Light A Candle

Candle light
Image via Wikipedia

Do you ever wonder what life was like before we — in the more developed world at least — took electricity for granted?

Mirrors mattered, for their ability to reflect and magnify every available source of light. The crystal prisms of chandeliers amplified the glow of candles — chandelles, hence chandelier.

Candles were carefully trimmed and hoarded.

Traveling through inky darkness, whether by horse, carriage, boat or on foot, was a perilous undertaking as pirates, animals and highwaymen lay in wait. Not to mention perilous roads and conditions.

One of my favorite movie scenes ever is in Cabaret, when Sally and Brian sit on the floor in a room exclusively lit by candles.

I often start these long, cold, murky winter days by lighting candles on the shelf beside our bed. It’s a gentle way way to ease into the day, without the sudden, harsh illumination — wake up!!!! — of simply snapping on a light.

It’s also a lovely way to soothe yourself after a crazy, beeping, buzzing, over-caffeinated day. I love the snap of the match, the delicate blue moment of a wick lighting up, the surprising amount of light a cluster of candles does offer, enough to read by — preferably something written in the 18th. century!

We light candles every evening as we sit down to eat, votives whose glow softens the room.

When I visited Stockholm in late November — where the sun rose at 8:30 and was gone by 2:30 — candles were everywhere, even on the restaurant tables at lunch, creating a wholly different, (softer, gentler), mood for even the men in their suits having business lunches.

There is something centering and calming about staring into the flickering flame of a candle.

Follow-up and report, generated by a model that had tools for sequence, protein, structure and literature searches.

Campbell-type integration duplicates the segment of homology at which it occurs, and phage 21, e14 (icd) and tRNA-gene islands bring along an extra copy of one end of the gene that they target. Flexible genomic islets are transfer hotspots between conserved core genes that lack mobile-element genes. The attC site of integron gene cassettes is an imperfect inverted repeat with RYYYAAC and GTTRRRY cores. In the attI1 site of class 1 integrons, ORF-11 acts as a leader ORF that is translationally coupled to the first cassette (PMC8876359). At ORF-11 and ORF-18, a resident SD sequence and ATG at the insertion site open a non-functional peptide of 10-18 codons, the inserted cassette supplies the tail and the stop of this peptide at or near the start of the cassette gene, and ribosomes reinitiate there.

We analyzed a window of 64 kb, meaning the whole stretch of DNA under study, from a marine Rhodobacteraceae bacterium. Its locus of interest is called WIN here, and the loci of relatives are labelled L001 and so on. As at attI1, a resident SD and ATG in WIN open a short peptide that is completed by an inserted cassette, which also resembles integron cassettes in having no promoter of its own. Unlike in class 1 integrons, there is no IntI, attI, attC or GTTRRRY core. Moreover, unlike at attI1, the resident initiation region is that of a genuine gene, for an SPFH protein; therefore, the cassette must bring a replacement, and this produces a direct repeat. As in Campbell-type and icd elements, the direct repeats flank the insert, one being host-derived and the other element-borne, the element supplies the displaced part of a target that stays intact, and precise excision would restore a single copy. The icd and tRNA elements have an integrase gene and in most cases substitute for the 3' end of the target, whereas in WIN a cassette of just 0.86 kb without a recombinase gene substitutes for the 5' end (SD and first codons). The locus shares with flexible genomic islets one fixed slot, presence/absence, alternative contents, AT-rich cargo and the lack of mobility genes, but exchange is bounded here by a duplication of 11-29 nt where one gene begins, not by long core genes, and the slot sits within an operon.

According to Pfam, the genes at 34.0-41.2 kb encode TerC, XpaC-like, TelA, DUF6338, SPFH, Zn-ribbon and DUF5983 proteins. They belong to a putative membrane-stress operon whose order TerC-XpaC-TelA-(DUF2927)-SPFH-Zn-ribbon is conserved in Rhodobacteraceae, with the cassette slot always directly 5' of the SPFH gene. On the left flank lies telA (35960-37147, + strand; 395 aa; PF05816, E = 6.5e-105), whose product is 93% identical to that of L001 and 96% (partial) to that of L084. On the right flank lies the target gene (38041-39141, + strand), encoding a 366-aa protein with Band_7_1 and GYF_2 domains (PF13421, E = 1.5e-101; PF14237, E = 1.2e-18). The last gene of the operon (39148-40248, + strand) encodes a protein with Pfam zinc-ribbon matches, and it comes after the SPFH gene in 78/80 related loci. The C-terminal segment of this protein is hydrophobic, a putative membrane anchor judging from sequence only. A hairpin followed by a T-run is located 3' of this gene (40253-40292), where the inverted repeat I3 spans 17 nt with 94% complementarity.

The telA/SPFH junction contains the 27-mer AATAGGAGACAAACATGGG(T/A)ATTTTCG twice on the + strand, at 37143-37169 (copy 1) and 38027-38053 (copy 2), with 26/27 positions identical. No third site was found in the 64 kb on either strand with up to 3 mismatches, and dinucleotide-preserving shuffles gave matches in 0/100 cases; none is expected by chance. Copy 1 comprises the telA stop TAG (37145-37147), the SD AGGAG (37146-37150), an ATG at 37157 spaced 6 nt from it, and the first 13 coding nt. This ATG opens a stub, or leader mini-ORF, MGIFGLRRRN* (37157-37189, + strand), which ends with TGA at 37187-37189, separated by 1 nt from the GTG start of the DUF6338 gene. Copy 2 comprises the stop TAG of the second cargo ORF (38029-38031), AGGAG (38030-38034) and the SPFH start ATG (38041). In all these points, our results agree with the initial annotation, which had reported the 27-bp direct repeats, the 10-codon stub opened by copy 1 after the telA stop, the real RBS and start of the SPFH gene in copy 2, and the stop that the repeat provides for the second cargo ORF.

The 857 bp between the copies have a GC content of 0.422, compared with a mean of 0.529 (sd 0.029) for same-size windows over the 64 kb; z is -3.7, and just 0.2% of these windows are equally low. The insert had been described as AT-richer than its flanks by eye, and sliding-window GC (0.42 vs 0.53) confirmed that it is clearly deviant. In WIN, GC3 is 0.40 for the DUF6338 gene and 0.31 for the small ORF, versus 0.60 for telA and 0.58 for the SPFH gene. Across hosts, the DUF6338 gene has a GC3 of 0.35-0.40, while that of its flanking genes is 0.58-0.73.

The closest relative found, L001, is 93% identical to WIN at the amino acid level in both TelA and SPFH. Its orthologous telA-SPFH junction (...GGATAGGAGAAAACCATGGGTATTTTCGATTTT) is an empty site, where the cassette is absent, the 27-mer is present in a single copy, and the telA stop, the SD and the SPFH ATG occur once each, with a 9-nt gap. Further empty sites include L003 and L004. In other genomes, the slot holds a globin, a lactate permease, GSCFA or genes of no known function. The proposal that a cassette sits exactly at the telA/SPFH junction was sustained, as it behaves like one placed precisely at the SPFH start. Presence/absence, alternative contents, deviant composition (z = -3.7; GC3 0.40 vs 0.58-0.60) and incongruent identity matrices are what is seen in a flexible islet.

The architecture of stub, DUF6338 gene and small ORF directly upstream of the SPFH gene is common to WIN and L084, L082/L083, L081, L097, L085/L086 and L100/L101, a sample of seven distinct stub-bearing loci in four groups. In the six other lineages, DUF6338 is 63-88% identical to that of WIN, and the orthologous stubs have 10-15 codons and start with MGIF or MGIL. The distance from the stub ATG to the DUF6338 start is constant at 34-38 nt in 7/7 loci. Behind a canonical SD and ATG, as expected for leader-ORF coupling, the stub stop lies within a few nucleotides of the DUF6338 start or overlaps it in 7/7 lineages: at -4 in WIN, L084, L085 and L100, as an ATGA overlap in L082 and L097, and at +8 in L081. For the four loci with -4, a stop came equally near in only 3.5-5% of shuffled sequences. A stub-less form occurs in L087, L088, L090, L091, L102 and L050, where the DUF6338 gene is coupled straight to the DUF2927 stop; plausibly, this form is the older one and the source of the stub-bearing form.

Broken Rhythms, New Routines

Series of air conditioners at UNC-CH.
WANT! Image via Wikipedia

So it’s 11:43 a.m. and, instead of sitting alone at home at my computer — always somewhat lonely in that respect — I’m sharing a library table with three men, all strangers. To my left, a guy is working from data on death rates in Baltimore. At the adjacent tables, the age ranges from 20s to 60s, everyone plugged in, a shared cocoon of air conditioning, electric light and power.


We’ve been warned it’s likely another four days before we get power back, at least. Clean-up crews are cutting down and collecting the dead trees and branches blocking many roads, so even my drives around the neighborhood are altered as some roads remain closed.

One of my neighbors — yay! — lugged my ice chest up six flights of stairs for me. I raced home to make spaghetti sauce while I still had enough light to see, then ate on the balcony as the sun set.

I normally hate cellphones and avoid them whenever possible. Now, it’s my lifeline, although in the middle of a crucial business meeting last night, the call kept getting dropped. I have a cell tower barely 15 feet above my head, right on the roof!

A cold shower last night felt good since the water was less frigidly cold than unheated and the night air fresh and soothing, not wintry and biting.

The sweetie comes home tonight from the city now that the trains are running again. I’ve already thrown out some of the food he bought, scared to eat it.

Pro: Silence. No hours wasted watching television.

Con: Would like to do laundry as we are all quite sweaty.

Pro: Have revived my morning routine of listening to an hour of BBC World News on the radio.

Con: I don’t need to hear 20 minutes on South African internal politics.

Pro: Immediate potential for weight loss thanks to loss of ice cubes for our nightly cocktails.

Con: I like ice!

Pro: Renewed sense of gratitude that, even with a severely damaged left hip, I have the strength and flexibility to climb six flights of stairs more than once a day.

Con: The pain wakes me up at 3:00 a.m. for Advil every night.

Pro: Having to get out to the library to get any work done using the Internet means dressing, putting on some make-up and perfume, all technically unnecessary working alone at home.

Con: A large poster at the library door (Wanted! Kidding) advertising my speech here about “Malled” next week means I can’t afford to show up looking like hell.

Pro: Having a sweetie who prepared us well for Hurricane Irene and suggested I take a power strip to the library today.

Con: Fighting for access to outlets with territorial 14-year-olds desperate to keep texting.